Pandaemonium

DING DONG! WHEN PROTEST SONGS WEREN’T DEAD

thurcroft colliery

So, those who despise Margaret Thatcher for her vindictiveness and spitefulness want to celebrate her death by propelling into the charts a song about the death of a witch. Those who laud Thatcher for her supposed love of freedom want to ban that song. And the BBC settles on a cackhanded ‘compromise’ by censorsing the song while pretending it is doing no such thing. Nothing, perhaps, could better express the inanity of contemporary politics than the crass, puerile controversy around Ding Dong the Wicked Witch is Dead. Once, protest songs provided the soundtrack to political struggle. Now political struggle is reduced to getting old songs into the charts.

But what of the actual protest songs of the Thatcher years? These were the years of mass unemployment and inner city riots, of the miner’s strike and the hunger strikes, of the poll tax protests and the Falklands War. Yet, even in the 80s anti-Thatcher protests were all too often overwhelmed by personal loathing and descended into little more than an outpouring of vindictive venom. And so did the protest songs – from Morrissey’s Margaret on the Guillotine (And people like you/ Make me feel so old inside/ Please die) to Elvis Costello’s Tramping Down the Dirt (I’d like to live/ Long enough to savour/ That’s when they finally put you in the ground/ I’ll stand on your grave and tramp the dirt down). I have excluded from my list all these personal hate pieces (though I was tempted to include Elvis). I have also left out all the protest songs that don’t relate directly to the policies and events and experiences of the Thatcher years. So, for instance, I have included the Gang of Four’s Ether (which is about the H-Blocks) but not their far superior classic tracks such as Damaged Goods, Anthrax and Natural’s Not in It. (It is worth remembering also, in the context of musical censorship, that the band was thrown off Top of the Pops after it refused to change the lyrics of its first hit single, At Home He’s a Tourist. The BBC objected to the line ‘And the rubbers you hide in your top left pocket’, finding it highly offensive, and demanding that ‘rubbers’ be changed to ‘rubbish’. The band refused)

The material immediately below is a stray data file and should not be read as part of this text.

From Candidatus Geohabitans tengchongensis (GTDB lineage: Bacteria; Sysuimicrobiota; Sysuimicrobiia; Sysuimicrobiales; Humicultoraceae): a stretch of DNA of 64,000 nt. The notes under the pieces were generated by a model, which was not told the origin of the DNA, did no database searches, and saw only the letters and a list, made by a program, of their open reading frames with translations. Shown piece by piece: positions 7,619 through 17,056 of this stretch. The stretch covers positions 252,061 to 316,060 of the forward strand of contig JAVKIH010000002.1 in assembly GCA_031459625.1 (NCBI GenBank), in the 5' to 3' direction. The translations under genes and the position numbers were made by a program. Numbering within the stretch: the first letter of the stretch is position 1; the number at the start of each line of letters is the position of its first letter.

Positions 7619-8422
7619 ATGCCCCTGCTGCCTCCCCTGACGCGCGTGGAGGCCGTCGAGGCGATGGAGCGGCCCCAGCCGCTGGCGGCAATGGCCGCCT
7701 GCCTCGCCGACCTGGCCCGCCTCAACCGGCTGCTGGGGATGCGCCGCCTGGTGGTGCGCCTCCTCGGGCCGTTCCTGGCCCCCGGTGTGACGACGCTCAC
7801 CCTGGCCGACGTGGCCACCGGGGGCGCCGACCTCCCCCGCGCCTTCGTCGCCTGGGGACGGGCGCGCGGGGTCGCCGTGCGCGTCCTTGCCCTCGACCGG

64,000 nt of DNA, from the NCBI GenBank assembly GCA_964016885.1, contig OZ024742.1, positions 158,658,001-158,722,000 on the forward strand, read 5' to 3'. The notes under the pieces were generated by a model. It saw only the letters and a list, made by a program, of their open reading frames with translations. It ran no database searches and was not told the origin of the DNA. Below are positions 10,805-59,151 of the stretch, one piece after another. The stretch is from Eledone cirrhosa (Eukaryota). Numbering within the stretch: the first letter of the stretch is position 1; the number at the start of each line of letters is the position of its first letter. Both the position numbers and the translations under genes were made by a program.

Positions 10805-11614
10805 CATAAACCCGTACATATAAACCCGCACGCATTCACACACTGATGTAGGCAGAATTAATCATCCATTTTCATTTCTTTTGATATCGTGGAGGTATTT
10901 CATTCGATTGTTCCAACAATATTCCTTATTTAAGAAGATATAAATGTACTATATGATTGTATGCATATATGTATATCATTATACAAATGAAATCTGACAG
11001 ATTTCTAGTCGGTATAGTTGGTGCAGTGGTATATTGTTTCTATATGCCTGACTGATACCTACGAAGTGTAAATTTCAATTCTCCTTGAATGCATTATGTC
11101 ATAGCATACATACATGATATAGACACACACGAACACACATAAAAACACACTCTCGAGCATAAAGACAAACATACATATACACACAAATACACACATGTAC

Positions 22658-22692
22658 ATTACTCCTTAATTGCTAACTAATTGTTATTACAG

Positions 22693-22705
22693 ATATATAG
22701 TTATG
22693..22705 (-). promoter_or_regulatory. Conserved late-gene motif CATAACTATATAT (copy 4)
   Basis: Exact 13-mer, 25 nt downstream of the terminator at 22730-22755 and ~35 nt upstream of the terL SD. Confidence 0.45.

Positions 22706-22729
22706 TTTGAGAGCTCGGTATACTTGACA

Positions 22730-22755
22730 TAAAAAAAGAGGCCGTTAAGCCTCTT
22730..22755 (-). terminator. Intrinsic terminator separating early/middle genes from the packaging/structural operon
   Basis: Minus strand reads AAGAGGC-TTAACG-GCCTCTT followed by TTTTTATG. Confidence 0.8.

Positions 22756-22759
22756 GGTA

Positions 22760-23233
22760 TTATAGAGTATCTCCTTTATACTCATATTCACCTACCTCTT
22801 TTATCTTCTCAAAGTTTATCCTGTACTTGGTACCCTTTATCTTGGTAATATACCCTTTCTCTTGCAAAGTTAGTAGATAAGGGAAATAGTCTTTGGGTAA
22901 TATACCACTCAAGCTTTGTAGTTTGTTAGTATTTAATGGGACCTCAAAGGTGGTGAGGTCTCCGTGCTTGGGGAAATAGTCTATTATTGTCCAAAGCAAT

It still leaves us with a cracking list (and there are countless tracks left out from Crass’ How Does it Feel? and  the Manic Street Preachers’ NatWest – Barclays – Midlands – Lloyds to the Clash’s Clampdown and the Style Council’s A Stone’s Throw Away; there are also many I have probably forgotten, my memory, like the protest song tradition itself, having eroded with old age).

The Specials, Ghost Town

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Robert Wyatt, Shipbuilding

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Linton Kwesi Johnson, Sonny’s Lettah

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The Gang of Four, Ether

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Billy Bragg, Between the Wars

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Roy Rankin & Raymond Naptali, Brixton Incident

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Sinead O’Connor, Black Boys on Mopeds

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The Jam, Town Called Malice

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Chumbuwamba, Fitzwilliam

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The Selecter, Bristol and Miami

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Top photo by Dave Parry from the Thurcroft Main Colliery and Village website.

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6 comments

  1. Thanks for your post.

    You write: “Now political struggle is reduced to getting old songs into the charts”, but you’re an optimist: we may already be at the next stage, when getting songs in the chart is the last resort to manifest political struggle.

    One has to admire the Tunisian students that have been protesting just to protect the right to dance the Harlem Shake http://giacec.co/11crz9f .

  2. I can’t believe you’ve missed out Pink Floyd’s classic album ‘The Final Cut’ from which almost every track is directed against Thatcher and the death of the ‘post-war’ dream. Shame on you ;)

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